US-Style FTAA Would Have Been Wrong Medicine, Says Brazilian Minister

    The Brazilian Minister of Foreign Relations, Celso Amorim, admitted that some sectors in Brazil might have lost out by the halt in negotiations over the Free Trade Area of the Americas (FTAA).

    But, in his view, the country would suffer even greater losses, if the agreement were accepted.

    "We might perhaps reap gains in the textile sector, but we couldn’t have made concessions in the area of intellectual property," he declared during a meeting of the Economic and Social Development Council, which had Brazilian foreign policy as its central theme.

    "The agreement was unbalanced," he summarized. Amorim believes that the advantages that could have been obtained through the adoption of the FTAA were fewer than the concessions that would have had to be made.

    "We couldn’t accept restrictions on our government’s purchasing capacity, restrictions even on our policy in the service sector," he argued.

    According to the Minister, Brazil’s prime goal at this moment is to advance in multilateral negotiations, such as the one in the World Trade Organization (WTO). Amorim thinks that there is no room to discuss normative issues and agricultural subsidies on a regional basis.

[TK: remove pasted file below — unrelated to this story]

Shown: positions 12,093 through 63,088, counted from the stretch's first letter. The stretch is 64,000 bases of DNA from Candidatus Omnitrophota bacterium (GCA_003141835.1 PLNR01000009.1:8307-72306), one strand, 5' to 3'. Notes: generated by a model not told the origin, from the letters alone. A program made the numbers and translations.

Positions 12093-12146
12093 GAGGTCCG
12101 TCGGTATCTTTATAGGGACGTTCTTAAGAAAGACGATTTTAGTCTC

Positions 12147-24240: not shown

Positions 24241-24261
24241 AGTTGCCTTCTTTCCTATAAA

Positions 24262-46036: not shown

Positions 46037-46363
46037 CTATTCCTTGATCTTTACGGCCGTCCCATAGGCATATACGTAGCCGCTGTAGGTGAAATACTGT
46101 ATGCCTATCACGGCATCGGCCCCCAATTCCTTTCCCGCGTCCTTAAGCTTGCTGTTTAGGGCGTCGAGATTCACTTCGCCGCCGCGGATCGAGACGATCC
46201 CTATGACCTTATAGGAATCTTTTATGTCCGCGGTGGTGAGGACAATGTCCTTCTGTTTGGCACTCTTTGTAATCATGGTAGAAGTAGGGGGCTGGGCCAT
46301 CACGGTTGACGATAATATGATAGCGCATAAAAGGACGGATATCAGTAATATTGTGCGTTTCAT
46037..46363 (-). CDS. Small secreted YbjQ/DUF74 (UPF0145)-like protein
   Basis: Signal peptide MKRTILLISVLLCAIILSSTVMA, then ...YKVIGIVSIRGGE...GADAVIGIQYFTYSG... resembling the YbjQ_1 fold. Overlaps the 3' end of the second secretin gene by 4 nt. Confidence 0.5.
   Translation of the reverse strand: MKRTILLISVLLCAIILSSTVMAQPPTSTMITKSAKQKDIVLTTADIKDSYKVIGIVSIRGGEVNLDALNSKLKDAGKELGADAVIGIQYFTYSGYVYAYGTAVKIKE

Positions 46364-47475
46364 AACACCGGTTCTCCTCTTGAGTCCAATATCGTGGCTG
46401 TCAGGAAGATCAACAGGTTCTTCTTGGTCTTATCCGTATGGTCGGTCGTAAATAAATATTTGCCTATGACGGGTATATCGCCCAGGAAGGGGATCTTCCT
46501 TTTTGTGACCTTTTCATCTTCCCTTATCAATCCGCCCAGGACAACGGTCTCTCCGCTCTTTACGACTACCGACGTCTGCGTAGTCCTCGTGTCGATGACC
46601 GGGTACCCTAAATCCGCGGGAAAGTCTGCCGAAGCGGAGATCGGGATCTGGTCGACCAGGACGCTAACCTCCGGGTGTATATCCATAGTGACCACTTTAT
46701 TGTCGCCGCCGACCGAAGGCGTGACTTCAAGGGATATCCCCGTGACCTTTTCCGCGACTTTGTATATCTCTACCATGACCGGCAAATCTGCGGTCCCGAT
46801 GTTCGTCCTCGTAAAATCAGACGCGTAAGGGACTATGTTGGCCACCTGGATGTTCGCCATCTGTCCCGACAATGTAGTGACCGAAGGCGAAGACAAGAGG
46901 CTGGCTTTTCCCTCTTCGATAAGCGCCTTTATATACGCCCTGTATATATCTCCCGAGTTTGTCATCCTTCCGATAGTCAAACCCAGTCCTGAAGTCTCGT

"There are advantages in regional agreements, to be sure, but not in these fundamental aspects," he emphasized.

    When asked by entrepreneurs on the Council whether Brazil isn’t losing markets as a result of bilateral or regional agreements among other countries, the chancellor responded that the Central American countries compete "relatively little" with Brazil.

    Brazil, according to Amorim, is interested in a bilateral agreement with the United States, but in the format known as "four plus one": the United States, on the one hand, and, on the other, the Mercosur (made up of Brazil, Argentina, Uruguay, and Paraguay).

    This agreement would be centered on market access. "It could even cover services and investments," the Minister added. "These mechanisms are complex, including from a legal standpoint in the eyes of the WTO, but I am prepared to continue to examine and work in this direction," he assured.

    Agência Brasil

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